Lawrence is the Iron Man in the Gridiron's Trenches
Published 10/30/2013 12:00 AM
Updated 10/30/2013 01:41 PM
Chuck Bednarik made his mark for the Philadelphia Eagles by playing both sides of the football. His current counterpart may be Guilford's Dane Lawrence.
Starting with football in the 4th grade, Dane stayed on the gridiron all the way to high school. After spending more time in the weight room lifting during the winter of his sophomore year, the senior has proven his strength by manning both the offensive and defensive lines each game for the Indians the last two seasons.
"It's been a good experience that has taught me a lot and it has been challenging, certainly," says Dane, who has collected 39 tackles (24 solo) in two seasons. "It takes quite a bit of endurance, but I have put a lot of work into it during the offseason lifting. It can be tiring at times, but you just have to dig down within yourself and push through."
Thanks to a rigorous workout routine, Dane has been able to carry needed bulk for both his duties in the trenches.
"I lift year-round and try to lift four days a week during the spring and summer," Dane says. "In the gym, I do squats, bench presses, cleaning, and dead lifting. I also have been doing some agility training outside. I do some long distance running, but not that much, along with 100-yard sprints and gassers."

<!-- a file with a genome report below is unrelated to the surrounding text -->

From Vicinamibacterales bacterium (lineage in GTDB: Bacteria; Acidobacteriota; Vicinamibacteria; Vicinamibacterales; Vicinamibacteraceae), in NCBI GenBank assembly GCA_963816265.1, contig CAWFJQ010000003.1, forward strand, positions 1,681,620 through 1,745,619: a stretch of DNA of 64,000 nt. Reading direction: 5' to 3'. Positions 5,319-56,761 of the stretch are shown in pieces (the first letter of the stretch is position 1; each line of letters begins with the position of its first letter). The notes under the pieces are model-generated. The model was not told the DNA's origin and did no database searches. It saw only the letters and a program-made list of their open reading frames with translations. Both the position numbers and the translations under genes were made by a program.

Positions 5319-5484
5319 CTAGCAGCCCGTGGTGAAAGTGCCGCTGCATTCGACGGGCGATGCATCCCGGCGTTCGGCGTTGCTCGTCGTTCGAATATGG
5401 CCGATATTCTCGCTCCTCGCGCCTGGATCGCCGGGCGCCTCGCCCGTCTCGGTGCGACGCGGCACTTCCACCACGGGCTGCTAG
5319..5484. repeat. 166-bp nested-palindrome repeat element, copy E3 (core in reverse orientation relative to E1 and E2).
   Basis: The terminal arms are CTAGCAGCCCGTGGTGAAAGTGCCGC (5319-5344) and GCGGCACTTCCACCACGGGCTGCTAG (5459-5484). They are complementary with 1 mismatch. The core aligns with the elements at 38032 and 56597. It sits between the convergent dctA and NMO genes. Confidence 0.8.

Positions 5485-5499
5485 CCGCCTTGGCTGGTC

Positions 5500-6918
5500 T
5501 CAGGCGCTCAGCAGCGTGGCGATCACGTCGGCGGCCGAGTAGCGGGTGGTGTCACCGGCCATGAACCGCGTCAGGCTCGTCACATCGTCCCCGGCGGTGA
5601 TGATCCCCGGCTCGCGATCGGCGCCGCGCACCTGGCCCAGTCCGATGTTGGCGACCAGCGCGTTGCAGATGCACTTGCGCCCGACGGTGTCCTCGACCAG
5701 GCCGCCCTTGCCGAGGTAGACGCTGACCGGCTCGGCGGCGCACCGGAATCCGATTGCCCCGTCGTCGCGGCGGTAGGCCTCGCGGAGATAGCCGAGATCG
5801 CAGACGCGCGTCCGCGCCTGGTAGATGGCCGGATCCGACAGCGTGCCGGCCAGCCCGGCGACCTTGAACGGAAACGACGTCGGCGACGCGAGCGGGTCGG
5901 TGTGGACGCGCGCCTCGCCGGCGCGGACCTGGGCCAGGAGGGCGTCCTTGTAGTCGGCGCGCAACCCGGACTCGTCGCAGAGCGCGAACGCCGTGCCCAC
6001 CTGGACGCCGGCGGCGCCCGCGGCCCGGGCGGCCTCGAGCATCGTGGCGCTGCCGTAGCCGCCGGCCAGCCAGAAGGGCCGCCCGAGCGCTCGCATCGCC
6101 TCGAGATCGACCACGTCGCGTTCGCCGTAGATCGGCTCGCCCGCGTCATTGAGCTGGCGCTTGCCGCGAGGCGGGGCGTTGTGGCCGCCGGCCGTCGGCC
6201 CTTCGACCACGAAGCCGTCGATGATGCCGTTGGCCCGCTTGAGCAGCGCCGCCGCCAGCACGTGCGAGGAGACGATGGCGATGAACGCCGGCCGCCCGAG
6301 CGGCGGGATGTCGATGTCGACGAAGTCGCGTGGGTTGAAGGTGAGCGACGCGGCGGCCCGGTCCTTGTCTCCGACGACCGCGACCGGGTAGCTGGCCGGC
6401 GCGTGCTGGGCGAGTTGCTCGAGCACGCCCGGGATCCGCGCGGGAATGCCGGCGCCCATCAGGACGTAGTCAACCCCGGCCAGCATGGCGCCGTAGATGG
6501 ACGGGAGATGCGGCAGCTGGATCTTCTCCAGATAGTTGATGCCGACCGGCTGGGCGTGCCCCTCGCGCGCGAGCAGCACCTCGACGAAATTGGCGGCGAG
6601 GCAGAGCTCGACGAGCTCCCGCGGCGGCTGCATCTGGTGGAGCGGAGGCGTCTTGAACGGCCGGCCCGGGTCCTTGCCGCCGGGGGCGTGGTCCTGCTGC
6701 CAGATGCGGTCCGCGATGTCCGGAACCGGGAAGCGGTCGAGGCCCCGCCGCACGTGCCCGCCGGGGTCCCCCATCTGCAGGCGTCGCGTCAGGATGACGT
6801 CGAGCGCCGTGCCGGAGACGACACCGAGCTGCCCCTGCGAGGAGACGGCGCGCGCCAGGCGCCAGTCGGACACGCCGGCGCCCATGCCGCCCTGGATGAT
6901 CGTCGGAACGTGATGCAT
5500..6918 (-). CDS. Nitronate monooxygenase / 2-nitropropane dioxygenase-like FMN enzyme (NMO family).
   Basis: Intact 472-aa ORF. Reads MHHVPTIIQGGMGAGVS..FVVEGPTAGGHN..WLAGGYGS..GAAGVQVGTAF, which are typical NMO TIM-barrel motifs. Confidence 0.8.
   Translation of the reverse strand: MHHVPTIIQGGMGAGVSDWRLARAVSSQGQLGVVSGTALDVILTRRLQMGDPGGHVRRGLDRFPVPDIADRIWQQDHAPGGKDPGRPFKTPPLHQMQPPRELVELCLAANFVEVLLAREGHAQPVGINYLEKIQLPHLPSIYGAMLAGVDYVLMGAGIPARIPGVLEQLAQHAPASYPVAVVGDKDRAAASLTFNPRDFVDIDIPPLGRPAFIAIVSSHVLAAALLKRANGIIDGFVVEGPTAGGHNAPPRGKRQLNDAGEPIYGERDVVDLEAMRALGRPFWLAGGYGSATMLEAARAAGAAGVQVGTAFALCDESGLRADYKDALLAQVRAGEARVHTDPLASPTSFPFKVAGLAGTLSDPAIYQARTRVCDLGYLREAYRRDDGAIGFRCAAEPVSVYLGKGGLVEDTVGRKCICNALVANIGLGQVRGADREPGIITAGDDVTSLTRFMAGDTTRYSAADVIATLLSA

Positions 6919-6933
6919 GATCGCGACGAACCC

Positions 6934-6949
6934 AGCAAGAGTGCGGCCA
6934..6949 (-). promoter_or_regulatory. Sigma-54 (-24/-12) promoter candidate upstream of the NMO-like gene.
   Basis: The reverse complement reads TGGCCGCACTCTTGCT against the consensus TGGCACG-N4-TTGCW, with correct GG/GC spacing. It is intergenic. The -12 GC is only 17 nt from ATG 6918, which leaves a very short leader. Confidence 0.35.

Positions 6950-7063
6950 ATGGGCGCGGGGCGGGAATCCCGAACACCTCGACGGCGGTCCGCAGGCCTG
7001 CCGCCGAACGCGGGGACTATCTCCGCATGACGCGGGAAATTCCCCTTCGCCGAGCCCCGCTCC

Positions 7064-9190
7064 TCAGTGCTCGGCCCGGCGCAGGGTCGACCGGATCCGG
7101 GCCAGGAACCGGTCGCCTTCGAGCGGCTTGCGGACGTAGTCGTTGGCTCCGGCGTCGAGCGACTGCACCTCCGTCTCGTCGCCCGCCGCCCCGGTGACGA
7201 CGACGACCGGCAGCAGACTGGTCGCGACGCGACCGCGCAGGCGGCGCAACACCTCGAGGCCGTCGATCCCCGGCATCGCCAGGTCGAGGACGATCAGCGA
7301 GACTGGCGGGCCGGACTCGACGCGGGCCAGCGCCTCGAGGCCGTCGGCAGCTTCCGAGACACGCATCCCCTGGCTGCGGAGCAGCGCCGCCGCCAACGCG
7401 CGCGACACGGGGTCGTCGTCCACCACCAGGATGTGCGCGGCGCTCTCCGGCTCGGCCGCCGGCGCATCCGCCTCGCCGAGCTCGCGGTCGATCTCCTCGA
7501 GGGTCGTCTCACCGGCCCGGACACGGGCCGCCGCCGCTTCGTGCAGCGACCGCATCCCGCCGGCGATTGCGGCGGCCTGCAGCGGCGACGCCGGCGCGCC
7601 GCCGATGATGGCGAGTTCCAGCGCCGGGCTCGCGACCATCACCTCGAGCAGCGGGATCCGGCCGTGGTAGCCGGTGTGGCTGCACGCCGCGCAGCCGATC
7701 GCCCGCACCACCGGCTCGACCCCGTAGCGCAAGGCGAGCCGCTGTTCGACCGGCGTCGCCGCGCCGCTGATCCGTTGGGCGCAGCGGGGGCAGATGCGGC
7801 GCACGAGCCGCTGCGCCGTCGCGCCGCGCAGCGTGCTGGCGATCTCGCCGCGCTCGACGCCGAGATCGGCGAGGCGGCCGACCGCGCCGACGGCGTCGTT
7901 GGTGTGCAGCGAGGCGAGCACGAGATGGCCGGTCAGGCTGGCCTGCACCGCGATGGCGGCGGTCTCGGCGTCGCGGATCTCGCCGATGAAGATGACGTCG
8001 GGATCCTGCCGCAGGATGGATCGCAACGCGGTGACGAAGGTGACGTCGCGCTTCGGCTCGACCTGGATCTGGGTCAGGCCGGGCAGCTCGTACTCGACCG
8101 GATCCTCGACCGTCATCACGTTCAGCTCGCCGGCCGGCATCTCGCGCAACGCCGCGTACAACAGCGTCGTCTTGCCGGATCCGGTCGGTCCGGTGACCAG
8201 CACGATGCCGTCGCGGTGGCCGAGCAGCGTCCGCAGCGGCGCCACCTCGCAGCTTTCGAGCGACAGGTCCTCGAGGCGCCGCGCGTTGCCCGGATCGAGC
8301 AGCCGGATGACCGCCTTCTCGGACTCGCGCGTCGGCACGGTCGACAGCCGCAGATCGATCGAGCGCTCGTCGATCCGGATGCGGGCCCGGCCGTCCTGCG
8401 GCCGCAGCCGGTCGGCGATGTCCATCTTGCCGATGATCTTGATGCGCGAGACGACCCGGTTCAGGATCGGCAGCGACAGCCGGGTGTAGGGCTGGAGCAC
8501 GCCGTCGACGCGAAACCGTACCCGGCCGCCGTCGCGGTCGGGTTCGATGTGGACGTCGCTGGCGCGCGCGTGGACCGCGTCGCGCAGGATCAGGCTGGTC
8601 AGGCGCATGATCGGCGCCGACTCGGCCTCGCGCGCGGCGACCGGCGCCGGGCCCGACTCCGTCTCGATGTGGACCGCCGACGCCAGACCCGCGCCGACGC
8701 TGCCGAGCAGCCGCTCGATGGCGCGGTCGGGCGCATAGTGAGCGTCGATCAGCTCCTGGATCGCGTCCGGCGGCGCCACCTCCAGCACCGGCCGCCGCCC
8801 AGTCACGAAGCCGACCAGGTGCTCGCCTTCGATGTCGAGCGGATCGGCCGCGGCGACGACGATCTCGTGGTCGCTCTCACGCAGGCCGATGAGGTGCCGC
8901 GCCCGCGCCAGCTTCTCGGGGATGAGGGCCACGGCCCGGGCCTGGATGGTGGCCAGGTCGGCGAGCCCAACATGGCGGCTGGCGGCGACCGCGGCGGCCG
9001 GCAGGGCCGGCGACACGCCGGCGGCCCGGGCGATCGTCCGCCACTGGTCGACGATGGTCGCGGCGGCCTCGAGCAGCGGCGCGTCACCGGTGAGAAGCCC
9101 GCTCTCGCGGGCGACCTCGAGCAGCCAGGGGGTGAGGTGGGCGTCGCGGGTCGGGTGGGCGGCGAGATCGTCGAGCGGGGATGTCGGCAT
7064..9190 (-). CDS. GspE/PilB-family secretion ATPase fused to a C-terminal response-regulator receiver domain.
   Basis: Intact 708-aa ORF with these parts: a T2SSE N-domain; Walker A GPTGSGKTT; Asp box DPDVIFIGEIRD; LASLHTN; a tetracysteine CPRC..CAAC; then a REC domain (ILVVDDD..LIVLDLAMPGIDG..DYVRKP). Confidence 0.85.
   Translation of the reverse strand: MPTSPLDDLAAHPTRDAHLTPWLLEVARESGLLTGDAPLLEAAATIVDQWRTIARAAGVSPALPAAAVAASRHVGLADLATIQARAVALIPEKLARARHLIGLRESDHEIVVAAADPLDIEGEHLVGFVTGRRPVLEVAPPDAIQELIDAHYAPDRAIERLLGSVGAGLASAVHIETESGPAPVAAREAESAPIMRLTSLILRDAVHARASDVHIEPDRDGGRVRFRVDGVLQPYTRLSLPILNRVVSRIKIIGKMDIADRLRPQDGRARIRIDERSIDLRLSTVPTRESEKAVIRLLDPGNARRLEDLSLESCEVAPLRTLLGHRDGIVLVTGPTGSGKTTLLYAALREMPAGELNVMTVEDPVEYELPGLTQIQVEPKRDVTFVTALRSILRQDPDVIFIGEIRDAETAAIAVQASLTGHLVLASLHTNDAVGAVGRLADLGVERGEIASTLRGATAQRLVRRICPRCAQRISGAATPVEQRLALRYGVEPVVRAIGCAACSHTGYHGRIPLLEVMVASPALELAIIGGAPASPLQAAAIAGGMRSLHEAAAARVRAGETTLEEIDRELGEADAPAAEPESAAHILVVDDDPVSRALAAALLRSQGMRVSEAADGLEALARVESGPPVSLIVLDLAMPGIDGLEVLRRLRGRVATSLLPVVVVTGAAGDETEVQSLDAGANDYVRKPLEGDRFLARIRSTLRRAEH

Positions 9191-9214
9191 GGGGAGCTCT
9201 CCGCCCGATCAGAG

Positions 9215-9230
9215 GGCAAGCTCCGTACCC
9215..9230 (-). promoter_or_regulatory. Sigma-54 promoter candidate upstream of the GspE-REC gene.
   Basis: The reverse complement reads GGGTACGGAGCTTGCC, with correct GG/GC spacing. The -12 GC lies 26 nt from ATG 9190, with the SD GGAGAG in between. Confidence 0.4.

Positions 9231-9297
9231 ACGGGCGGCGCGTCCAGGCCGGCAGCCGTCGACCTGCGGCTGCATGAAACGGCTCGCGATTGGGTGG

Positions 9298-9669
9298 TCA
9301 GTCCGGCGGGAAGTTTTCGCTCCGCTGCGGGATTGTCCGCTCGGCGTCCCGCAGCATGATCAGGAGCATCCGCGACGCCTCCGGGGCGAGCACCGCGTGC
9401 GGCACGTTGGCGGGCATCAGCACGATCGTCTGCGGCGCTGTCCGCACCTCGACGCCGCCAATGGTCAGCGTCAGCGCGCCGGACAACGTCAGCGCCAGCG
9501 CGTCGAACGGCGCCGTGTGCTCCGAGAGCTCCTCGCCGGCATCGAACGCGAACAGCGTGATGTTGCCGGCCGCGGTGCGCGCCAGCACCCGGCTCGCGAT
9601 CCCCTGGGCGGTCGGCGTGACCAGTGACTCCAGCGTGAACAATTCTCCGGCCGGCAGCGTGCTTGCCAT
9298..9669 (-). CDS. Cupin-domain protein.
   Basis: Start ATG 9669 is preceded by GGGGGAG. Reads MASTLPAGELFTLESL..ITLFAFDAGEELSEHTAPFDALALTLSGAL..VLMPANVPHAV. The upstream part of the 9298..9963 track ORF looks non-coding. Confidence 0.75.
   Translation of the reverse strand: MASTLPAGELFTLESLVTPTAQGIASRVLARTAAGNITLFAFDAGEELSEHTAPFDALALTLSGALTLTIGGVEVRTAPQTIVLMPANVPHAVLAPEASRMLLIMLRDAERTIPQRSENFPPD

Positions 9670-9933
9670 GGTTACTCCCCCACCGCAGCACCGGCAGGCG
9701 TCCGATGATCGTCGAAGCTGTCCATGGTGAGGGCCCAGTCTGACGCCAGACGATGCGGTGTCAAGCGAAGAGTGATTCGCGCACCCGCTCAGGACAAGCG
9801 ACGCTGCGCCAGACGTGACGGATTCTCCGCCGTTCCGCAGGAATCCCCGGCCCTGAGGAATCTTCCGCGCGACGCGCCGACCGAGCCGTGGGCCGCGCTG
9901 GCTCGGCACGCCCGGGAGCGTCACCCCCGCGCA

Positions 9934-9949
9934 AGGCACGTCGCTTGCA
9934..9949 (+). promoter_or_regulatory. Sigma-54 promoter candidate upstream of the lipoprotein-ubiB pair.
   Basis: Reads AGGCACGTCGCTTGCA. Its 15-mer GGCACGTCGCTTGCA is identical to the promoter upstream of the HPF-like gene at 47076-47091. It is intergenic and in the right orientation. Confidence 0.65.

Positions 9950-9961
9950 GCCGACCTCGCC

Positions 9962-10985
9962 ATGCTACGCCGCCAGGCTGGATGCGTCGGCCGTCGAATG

Eyeing those gym hours is Head Coach Tom Unger, who feels Dane holds all the right skills for his size.
"Dane has been a consistent hard worker the past four years for us," says Unger. "There are a lot of 6-foot, 230-pound linemen out there, but not too many with the combination of strength and agility of Dane. He has progressed extremely well each year and really is great to coach. He has really maximized his time in the weight room to be the best he can be. He is one of our few 300-plus-pound bench pressers, which really helps him dominate up front on the offensive and defensive side of the ball. His footwork has gotten better each season. He has worked hard with numerous other drills to get quicker and faster. He has played all of the offensive line positions, but has really settled into right tackle this season. He plays the 3-tech in our four-man front defense, arguably the most important spot of the front seven."
Dane knew the double time would be a grind, although he knows the right way to gear up for each assignment.
"I just knew I would have to challenge myself to step up and get the job done," says Dane. "Preparing to play offensive line is much more laid back. You just have to keep calm and know what you have to do each play. On defense, you have to be strong, physical, and make a decent amount of reads quickly based on what the offense shows you."
As one who sees the snap from two different angles, Dane discusses his approach to playing each of his line positions.
"The differences are that, for the offensive line, you have to know the play and the snap count, but on defense you have to plan as hard as you can while not knowing what's coming," Dane says. "When you do well, you are in control of the game and clock. A good offensive lineman has to be smart and somewhat calmer versus defense, where you have to be fast and strong to get off the ball for tackles."
As the Indians look for a SCC Division II West crown, Dane's concern is giving 100 percent for his squad.
?We have to go all out the rest of the way in playing winnable games," says Dane, who thanks mother Maribeth and Coach Unger. "[Division rival] Hillhouse will be challenging with its speed, plus Hand will be tough. We look at every game as a chance that we have to take. For me, I'm not looking for awards. I'm just worried about being in the trenches and doing my job."